ALBUQUERQUE, N.M. (KRQE)- People are finally getting a glance at what a new emergency shelter for the homeless in Albuquerque could look like.
The city hopes to break ground on a centralized shelter in Albuquerque as early as 2021. The 300-bed facility would help families with children and single adults.
The conceptual designs were just unveiled at a city and county government meeting this week. The designs show the shelter would have room for pets and storage.
Right now, the west side homeless shelter is 20 miles from downtown. City Councilor Pat Davis said it costs $1 million annually to transport people back and forth.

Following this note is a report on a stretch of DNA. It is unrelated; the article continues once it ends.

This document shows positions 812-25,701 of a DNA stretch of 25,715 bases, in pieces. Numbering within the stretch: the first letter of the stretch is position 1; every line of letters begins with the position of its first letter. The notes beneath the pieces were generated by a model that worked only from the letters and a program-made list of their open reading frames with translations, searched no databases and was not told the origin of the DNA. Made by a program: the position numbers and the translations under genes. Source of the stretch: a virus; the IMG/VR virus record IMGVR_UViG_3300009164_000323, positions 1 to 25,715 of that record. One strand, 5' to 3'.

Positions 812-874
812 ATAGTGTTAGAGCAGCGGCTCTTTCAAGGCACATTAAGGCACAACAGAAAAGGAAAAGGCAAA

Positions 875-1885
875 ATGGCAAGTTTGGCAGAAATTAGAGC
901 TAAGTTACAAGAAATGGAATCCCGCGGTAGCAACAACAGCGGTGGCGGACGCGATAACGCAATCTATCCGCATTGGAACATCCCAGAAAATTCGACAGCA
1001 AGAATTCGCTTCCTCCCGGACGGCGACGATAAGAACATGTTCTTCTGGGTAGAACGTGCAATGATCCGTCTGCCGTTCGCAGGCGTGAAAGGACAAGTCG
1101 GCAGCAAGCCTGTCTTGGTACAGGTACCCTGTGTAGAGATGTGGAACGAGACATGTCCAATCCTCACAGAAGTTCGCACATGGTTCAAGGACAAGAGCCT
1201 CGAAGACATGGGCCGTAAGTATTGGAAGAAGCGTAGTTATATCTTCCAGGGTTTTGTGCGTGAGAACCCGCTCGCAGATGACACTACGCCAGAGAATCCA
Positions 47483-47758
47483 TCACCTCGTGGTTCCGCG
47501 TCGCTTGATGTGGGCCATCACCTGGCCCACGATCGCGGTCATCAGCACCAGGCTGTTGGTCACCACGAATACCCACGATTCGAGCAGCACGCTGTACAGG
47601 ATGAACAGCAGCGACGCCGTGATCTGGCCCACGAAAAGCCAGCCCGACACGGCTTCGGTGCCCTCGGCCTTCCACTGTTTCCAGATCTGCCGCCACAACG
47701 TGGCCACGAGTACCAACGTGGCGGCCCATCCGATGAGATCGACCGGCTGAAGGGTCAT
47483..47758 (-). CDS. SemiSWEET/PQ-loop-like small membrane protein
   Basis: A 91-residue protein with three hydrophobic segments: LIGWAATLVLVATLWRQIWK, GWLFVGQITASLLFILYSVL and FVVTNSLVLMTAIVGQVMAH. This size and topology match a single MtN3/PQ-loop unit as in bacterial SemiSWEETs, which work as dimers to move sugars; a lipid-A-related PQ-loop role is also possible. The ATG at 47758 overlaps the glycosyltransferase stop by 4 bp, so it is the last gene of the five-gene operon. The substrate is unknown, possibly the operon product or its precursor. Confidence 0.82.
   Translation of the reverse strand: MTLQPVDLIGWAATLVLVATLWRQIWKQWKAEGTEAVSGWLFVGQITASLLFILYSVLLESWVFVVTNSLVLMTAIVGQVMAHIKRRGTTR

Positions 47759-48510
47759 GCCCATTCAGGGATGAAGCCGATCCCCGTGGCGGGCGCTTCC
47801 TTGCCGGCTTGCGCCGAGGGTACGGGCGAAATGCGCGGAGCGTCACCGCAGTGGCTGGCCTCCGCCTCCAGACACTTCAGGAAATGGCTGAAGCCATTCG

He said the new shelter would help cut some of the cost due to a more centralized location and offering services to help get people off the street.
“We know that we can house people for far cheaper by giving them wrap-around services for behavioral healthcare and getting them support for their addiction issues,” Davis said.
The city has already secured nearly $1 million in capital outlay money approved by the state legislature to start the architectural design. They will need another $14 million for construction.
People can vote for or against it in the November election. During the government meeting this week, the city said at least 1,500 people are homeless in Albuquerque on any given night.